FRANCE 5 – TUESDAY JANUARY 12 AT 8.50 P.M. – DOCUMENTARY
Walid Berrissoul and Florentin Collomp have found the perfect qualifier to designate Boris Johnson: “The illusionist. “ For a little over an hour, the director and co-author of this documentary broadcast in the box “Le monde en face” on France 5, paint the portrait of a British Prime Minister who is more of a conjurer than a political leader. . The man pays good words, wins the elections, but he struggles to follow when the double reality of Brexit and Covid-19 arises. “We were trying to answer the question: what happens when someone is elected on a lie? “, explique Walid Berrissoul.
For Boris Johnson, the answer is hardly brilliant. In early March 2020, as the pandemic spreads, he still laughs at a press conference: “I was visiting a hospital where there were Covid patients and you will be happy to know that I shook hands with everyone. “ Three weeks later, he resolves to impose general confinement, late on other European countries. Soon after, he fell seriously ill and spent three days in intensive care. He is notably cared for by two Portuguese and New Zealand nurses, the very ones who may have difficulty obtaining work visas after Brexit. Even Rachel Johnson, the Prime Minister’s full sister, is offended. “Who are the people who took care of you when you were at your worst?” People you won’t let into the country anymore. “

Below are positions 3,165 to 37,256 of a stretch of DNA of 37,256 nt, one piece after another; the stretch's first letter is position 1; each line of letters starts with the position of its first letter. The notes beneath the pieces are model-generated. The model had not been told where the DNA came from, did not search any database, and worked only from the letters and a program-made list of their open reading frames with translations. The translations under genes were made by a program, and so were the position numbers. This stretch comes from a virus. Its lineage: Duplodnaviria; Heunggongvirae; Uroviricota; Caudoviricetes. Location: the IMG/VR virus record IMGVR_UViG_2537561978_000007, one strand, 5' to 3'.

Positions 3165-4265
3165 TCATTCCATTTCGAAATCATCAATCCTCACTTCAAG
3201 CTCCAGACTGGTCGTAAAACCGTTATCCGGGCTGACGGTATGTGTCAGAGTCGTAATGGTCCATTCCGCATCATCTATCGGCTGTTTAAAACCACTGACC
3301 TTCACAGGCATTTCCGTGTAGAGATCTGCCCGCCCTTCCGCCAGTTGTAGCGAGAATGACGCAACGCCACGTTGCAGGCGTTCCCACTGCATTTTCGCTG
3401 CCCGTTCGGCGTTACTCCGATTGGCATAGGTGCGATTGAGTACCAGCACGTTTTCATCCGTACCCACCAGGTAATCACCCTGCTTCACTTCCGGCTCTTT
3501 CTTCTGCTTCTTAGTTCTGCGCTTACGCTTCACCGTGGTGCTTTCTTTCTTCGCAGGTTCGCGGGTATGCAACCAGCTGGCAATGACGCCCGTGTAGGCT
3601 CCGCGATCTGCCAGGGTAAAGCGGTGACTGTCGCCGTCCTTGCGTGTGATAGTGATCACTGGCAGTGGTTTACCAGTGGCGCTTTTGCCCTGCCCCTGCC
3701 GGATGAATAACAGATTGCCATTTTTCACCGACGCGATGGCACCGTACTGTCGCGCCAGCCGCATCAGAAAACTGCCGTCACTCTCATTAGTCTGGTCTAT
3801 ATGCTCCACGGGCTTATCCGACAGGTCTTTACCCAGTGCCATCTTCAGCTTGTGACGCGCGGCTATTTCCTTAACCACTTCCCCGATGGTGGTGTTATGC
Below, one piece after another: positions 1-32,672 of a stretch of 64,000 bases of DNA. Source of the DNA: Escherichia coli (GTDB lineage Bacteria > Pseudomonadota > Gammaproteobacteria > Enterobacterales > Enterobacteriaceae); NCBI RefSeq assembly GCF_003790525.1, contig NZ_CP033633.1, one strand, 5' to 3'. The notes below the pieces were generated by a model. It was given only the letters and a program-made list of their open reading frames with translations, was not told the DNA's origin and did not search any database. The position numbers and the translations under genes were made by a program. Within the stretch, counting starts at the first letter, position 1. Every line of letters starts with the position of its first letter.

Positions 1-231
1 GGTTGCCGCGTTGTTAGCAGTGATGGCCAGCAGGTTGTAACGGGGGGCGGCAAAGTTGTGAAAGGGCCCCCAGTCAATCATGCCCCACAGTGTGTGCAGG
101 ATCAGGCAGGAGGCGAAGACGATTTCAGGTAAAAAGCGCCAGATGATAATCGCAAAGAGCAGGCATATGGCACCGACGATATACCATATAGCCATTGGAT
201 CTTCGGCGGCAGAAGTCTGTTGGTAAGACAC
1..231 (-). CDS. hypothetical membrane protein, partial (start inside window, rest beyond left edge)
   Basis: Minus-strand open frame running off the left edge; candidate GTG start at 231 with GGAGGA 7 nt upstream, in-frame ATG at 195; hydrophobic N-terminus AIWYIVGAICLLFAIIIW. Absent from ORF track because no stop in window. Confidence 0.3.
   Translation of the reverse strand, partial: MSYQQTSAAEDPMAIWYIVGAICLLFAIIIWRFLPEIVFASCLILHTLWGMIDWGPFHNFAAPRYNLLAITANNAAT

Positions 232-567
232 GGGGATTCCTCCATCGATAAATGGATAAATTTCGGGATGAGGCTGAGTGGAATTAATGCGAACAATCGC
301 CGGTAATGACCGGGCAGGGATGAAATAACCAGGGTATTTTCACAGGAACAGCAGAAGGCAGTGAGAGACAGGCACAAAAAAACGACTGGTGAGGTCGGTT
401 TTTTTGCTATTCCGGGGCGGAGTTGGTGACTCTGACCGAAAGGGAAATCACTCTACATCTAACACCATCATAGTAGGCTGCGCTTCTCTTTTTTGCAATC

Giving a voice to brexiters
The film has the immense merit of not being a burden, in particular because it gives voice to the brexiters, and seeks to understand their motivations. British fishermen explain their anger to see their European competitors catching fish in their territorial waters. The owner of a café in Bishop Auckland, in the north-east of England, talks about the feeling of abandonment that haunts his region, one of the poorest in the country. A city financier, for his part, praises the merits of a vast deregulation of the markets.
But, file after file, thanks to clear explanations (Florentin Collomp was correspondent of the Figaro in the United Kingdom for eight years), the film shows the concrete difficulties of leaving the European Union.
For example, a pallet supplier laments losing the health exemption that applied in the EU: now each of its materials must be treated by passing through heating rooms for several hours, which increases costs . The concern is palpable at the Nissan car plant, which exports a large part of its production to the EU. As for the dream of a rapprochement with the Commonwealth, he annoys Swapan Dasgupta, member of the upper chamber of the Indian Parliament, who reminds this former colonial power “Force of arms, deceit and duplicity” which it has shown in the past. Finally, Boris Johnson is today at the head of a country which is cracking: Scotland dreams of independence and the North Irish rifts have awakened.
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